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Discussion Starter · #12 ·
Nice Idea!!!

Three 'Coffee with a Warden' opportunities in February

Interested public to several 'Coffee with a Warden' opportunities throughout the Lander Region in February.

2/4/2016 3:30:10 PM

LANDER - The Wyoming Game and Fish Department invites interested public to several 'Coffee with a Warden' opportunities in February.

Date Time Location Wardens
Feb. 11 7:30-9:00 am Lucky Duck Café, 204 N Main, Pavillion Gibb and Beecham
Feb.13 8:00-10:00 am Kai Espresso, 109 S. Main, Hudson Frude
Feb. 27 8:00-10:00 am Split Rock Café, 2297 Hwy789, Jeffrey City Joseph, Gibb and

Each of the wardens will be available on these mornings to host the open platform. In addition to discussion topics the public brings, Wardens Teal Joseph, Brad Gibb and Dillon Herman will be available with a laptop to assist those with their online license applications this year in Jeffrey City.

Lander Game Warden, Brady Frude says, "This program is great for folks who want to come down and just have a conversation. It gives me an opportunity, in a neutral setting, to hear about what's going on locally. Being new to the area, I benefit even more from these talks than from public meetings or contacts made while patrolling, because here there isn't an agenda or any specific points I need to get across and I can be open to whatever topics come up."

This opportunity is as much about getting to know the game and fish personnel and them getting to know you, as it is dealing with fisheries and wildlife management and law enforcement issues. We encourage all those interested to attend.

For more information, contact Frude at 307-332-2704, Beecham at 307-856-4982 or Joseph at 307-328-0313.

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Discussion Starter · #13 ·
Some updates on population studies-aerial surveys playing a role-

"Kemmerer Game Warden Chris Baird (far left) and Mountain View Wildlife Biologist Jeff Short (immediate left) fly with pilot Dennis Charney to finish up the big game classifications on local winter ranges. Short and Baird observed many bulls during the flights. Short said "It was a good year for adult bulls." *Read more about the big game winter surveys on page 2."

"Mountain View Wildlife Biologist Jeff Short, with the help of Kemmerer Game Warden Chris Baird and Cokeville Game Warden Neil Hymas, completed the West Green River elk herd surveys and the Lincoln moose herd surveys. Short reported, "For elk, we observed the cow: calf and bull: cow ratios were good-at 34:100 and 36.6:100. Our total sample size was 2,970 elk. Some good mature bulls were seen. " "When we flew the Lincoln moose herd survey we observed that the cow: calf and bull: cow ratios were good-at 42:100 and 38:100. Total moose sample size was 331 moose." On a cautious note, Short said, "The winter conditions are heavy out here and I am concerned that this could turn into a bad winter for wildlife. Some deer mortality is currently occurring, especially fawns, throughout the region."

"Kemmerer Game Warden Chris Baird and Mtn. View Wildlife Biologist Jeff Short coordinated on an exciting survey technique for ungulates. "This was part of an assignment from the Moose Working Group, in cooperation with the Governors Big Game License Coalition," Baird said. "The survey was conducted in the Lincoln Moose herd in hunt area 26. Hunt area 26 was chosen to explore this technique because of its diverse winter moose habitat types that should be comparable to other herd units across the state." Owyhee Air was contracted to use their high definition infrared camera technology to survey for moose while WGFD personnel surveyed from another helicopter. The main objectives were to compare the current traditional survey method to infrared technology. Baird and Short are still working on sorting thru a lot of data and look forward to reporting back to the moose working group"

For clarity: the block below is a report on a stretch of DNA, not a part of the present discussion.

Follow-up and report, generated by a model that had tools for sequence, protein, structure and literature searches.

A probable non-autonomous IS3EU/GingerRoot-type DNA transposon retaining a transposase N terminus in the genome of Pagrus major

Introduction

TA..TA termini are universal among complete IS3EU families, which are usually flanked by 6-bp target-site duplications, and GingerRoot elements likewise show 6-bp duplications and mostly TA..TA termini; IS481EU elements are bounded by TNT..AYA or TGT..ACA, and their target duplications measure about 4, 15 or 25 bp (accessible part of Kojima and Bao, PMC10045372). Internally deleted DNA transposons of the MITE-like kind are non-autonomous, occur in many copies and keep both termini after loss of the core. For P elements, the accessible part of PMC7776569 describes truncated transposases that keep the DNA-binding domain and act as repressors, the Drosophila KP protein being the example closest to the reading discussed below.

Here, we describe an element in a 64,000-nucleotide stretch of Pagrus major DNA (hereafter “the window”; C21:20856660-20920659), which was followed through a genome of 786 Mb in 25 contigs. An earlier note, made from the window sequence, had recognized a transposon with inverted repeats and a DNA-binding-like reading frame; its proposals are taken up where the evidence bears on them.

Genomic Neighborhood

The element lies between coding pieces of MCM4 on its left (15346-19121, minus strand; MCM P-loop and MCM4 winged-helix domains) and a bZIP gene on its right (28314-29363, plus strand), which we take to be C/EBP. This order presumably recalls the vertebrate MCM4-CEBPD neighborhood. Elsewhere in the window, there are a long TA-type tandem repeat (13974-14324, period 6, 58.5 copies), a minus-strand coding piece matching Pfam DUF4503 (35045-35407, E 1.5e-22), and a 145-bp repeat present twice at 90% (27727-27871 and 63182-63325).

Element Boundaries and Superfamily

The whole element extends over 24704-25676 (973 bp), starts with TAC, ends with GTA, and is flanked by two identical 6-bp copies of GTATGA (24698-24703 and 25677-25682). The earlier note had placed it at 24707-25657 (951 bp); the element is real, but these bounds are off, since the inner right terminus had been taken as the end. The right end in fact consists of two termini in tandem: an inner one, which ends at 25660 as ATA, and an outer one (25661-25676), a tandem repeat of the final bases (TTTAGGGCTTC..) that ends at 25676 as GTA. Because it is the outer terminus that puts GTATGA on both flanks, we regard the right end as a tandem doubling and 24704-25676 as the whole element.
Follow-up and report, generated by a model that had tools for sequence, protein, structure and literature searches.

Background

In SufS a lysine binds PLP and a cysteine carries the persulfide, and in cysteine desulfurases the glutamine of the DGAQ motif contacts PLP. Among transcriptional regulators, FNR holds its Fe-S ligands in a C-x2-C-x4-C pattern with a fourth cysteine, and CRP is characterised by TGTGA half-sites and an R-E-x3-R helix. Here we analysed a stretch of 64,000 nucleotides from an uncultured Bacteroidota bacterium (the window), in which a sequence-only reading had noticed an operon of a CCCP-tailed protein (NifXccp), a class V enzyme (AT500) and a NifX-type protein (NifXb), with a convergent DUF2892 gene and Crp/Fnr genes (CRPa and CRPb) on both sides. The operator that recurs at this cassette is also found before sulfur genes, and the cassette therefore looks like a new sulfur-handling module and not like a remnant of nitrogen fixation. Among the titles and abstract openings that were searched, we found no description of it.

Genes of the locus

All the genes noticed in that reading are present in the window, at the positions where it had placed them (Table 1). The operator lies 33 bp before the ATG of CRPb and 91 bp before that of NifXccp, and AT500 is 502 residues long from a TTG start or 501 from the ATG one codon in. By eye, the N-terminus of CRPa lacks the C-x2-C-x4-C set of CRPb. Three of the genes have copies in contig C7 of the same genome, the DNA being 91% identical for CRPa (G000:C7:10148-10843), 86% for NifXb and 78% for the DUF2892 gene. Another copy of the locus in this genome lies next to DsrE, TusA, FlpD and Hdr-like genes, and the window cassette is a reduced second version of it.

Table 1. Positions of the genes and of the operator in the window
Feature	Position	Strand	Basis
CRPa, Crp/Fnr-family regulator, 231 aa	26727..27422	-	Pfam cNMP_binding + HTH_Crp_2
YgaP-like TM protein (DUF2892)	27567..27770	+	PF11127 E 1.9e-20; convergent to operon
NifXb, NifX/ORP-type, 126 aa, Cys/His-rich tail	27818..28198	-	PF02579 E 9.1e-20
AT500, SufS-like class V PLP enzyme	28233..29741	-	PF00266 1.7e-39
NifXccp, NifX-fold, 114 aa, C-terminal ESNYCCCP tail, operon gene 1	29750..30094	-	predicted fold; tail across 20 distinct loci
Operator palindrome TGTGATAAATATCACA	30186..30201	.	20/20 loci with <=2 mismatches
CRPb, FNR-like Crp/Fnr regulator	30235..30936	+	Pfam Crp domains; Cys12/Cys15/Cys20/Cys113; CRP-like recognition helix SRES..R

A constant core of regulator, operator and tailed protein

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Discussion Starter · #14 ·
Love their involvement in the field-

Wildlife biologists and game wardens count big game animals at different times of year based on when they are most visible and can be classified as males, females and juveniles. This gives managers a picture of not only how many animals there are, but how the population is trending: increasing, stable or decreasing. This information helps managers design hunting seasons that will keep the population at the established population objective. Winter is the best time to count and classify most big game, and especially elk since most elk in the Pinedale and Jackson regions attend winter feedgrounds, making them relatively easy to count. All of the game wardens, biologists and other regional personnel chip in to count the elk as it is a big job. Most elk herds in the in the Pinedale Region remain at or above the desired population objectives after an average to light harvest this past hunting season. Most big game populations saw little change from last year. Consequently, Pinedale wildlife managers do not plan to propose significant changes to any of the big game hunting seasons for 2016. Managers will present all the current big game numbers along with their proposed hunting seasons at upcoming public meetings scheduled for 6-8pm, March 14th at the Marbleton Town Hall and March 16th at the Pinedale Game and Fish office.